“Why, Esther, it’s you! How sweet of you! I was just dying to see you!” exclaimed the little lady, turning a pretty, but somewhat worn, and brilliantly sad face from her gardening. “Just let me finish this thirsty bed, and then you must give me a kiss. There!”
Then the two embraced; and as Mrs. Myrtilla Williamson held Esther at arm’s length and looked at her admiringly,—
“How pretty you look to-day!” she exclaimed, generously. “That new hat’s a great success. Didn’t I tell you mauve was your colour? Turn round. Yes, dear, you look charming. Where in the world, I wonder, did you all get that grand look of yours from?—I don’t mean your good looks merely, but that look of distinction. Your father and mother have it too; but where did they get it from? You’re a puzzle-family—all of you. But wouldn’t you like a cup of tea? Come in,” and she led the way indoors to a tiny, sweet-smelling boudoir on the left of the hall, of which a dainty glimpse, with its books and water-colours and bibelots, was to be caught from the terrace.
Everything about Myrtilla Williamson was scrupulously, determinedly dainty, from the flowered tea-gown about her slim, girlish figure,—her predilection for that then novel and suspected garment was regarded as a sure mark of a certain Parisian levity by her neighbours,—to her just a little “precious” enunciation. In France, in the seventeenth century, she would almost certainly have been a visitor at the Hotel Rambouillet, and to-day she was mysteriously and disapprovingly spoken of as “aesthetic.” She had a look as if she had tripped out of a Japanese fan, and slept at night in a pot-pourri jar. And she had brains, those good things—brains.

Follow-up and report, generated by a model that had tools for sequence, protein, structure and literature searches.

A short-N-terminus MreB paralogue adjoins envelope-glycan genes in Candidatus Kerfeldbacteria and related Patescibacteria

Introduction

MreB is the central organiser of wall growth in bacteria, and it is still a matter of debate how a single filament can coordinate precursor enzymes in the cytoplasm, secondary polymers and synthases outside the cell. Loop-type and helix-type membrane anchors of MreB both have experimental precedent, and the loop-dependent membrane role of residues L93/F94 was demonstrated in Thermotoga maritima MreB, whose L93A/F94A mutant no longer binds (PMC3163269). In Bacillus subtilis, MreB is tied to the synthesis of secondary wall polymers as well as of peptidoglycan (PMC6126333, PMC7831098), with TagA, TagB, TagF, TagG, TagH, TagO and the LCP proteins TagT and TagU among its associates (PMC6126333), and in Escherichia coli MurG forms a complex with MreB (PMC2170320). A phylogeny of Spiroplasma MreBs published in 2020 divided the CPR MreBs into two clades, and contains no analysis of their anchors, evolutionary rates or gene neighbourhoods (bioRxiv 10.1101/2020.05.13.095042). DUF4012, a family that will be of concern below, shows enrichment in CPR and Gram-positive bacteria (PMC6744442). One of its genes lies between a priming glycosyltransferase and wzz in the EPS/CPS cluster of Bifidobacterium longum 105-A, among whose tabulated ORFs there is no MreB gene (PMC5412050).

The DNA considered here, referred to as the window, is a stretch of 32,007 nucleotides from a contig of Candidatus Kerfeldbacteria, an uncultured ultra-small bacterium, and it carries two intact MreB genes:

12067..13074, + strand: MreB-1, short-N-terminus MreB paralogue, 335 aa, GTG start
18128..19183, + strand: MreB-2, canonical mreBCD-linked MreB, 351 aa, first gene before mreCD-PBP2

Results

Her name was very like her life, one-half of which might be described as Myrtilla, the other half as Williamson. She was Myrtilla during the day, dabbling with her water-colours, her flowers, or her books; but at six o’clock each afternoon, with the sound of aggressive masculine boots in the hall, her life suddenly changed with a sigh to Williamson. The Williamson half of her life was so clumsily, so grotesquely ill-matched with the Myrtilla half that it was, and probably will always remain, a mystery why she had ever attempted so tasteless and inconvenient an addition,—a mystery, however, far from unique in the history of those mysteriously stupid unhappy marriages with evident boors which refined and charming women will, it is to be feared, go on making to the end of the human chapter.
It was perhaps a day hardly less interesting for Myrtilla than for the young people themselves when she had first met Henry and Esther Mesurier. Before, in the dull bourgeois society into which Williamson had transplanted her from London, she had found none with whom she dared be her natural Myrtilla. There she was expected to be Williamson to the bone. Henry and Esther, however, were only too grateful for Myrtilla, through whom was to come to them the revelation